In the first case there’s the enjoyment you can derive from the work itself. Rather than just doing your job, why not set goals for yourself above and beyond those expected by the organisation? And then take satisfaction in achieving them or at least getting close.

Sources of enjoyment involving others are plentiful. Enjoy having a laugh and a joke with your colleagues, take an interest in their hobbies, their family and their personal life and make it a priority to get to know them better. Beyond that there’s the fulfilment that can come from actively helping others, in a coaching or mentoring role, or simply in being supportive.

Contributing to a purpose is the third source. By this I mean the contribution your job makes to making the world a better place to live in. It doesn’t matter what you do, someone somewhere will inevitably benefit from your endeavours. Consider the famous story of the cleaner interviewed at NASA in the sixties. When asked what they were doing they replied “Helping to put a man on the moon!”  

You need to take ownership of the emotional engagement you have with your work – whether you are satisfied and fulfilled, or whether you are bored and dissatisfied, it’s down to you  and it all starts in the mind.

Sunday, September 29, 2013

Generation F

The experience of growing up online will profoundly shape the workplace expectations of “Generation F” - the Facebook Generation. At a minimum, they’ll expect work to reflect the social context of the Web - open, collaborative and informal.

Although it’s a buyer’s market for talent right now it won’t always be the case - and in the future, any company that lacks a vital core of Gen F employees will soon find itself stuck in the mud. If we hope  to attract the most creative and energetic members of Gen F, we will need to understand these Web-derived expectations, and then reinvent our management practices accordingly.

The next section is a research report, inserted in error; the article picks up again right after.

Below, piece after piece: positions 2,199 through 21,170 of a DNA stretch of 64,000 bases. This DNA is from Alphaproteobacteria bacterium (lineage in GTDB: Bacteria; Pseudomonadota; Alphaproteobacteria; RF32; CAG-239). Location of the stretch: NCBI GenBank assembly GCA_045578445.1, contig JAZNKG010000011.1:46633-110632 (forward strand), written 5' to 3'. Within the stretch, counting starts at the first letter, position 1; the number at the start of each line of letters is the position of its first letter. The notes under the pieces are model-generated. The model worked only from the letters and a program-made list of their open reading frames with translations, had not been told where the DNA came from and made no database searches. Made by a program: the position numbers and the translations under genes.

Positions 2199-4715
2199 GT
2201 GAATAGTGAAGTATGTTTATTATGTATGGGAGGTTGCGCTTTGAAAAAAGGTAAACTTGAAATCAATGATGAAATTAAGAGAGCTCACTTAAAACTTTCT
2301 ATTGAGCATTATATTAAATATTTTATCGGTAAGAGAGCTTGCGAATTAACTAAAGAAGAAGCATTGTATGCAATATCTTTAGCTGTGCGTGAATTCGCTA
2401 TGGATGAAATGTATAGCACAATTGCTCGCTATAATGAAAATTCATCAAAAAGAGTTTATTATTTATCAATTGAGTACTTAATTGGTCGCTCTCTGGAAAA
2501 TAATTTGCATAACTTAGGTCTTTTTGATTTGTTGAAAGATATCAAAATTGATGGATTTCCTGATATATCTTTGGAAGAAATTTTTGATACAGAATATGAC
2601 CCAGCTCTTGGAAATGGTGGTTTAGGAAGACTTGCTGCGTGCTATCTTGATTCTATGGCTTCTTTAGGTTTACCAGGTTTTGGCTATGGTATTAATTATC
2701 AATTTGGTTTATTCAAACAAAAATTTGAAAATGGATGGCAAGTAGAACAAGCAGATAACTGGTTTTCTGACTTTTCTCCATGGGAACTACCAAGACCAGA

With that in mind, I came across a list of 12 work-relevant characteristics of online life generated by management thinker, Gary Hamel. In his words, these are the yardsticks tomorrow’s employees will use to determine whether your company is “with it” or “past it.”
  1. All ideas compete on an equal footing. On the Web, every idea can gain a following - or not, and no one has the power to stop a subversive idea or squelch an embarrassing debate. Ideas gain traction based on their perceived merits, rather than on the political power of their sponsors.
  2. Contribution counts far more than credentials. When you post a video to YouTube, no one asks you if you went to film school. When you write a blog, no one cares whether you have a journalism degree. Position, title, and academic degrees—none of the usual status differentiators carry much weight online. On the Web, what counts is not your CV, but what you can contribute.
  3. Hierarchies are natural, not prescribed. In any Web forum there are some individuals who command more respect and attention than others - and have more influence as a consequence. Critically, though, these individuals haven’t been appointed by some superior authority. Instead, their clout reflects the freely given approbation of their peers. On the Web, authority trickles up, not down.
  4. Leaders serve rather than preside. On the Web, every leader is a servant leader; no one has the power to command or sanction. Credible arguments, demonstrated expertise and selfless behaviour are the only levers for getting things done through other people. Forget this online, and your followers will soon abandon you.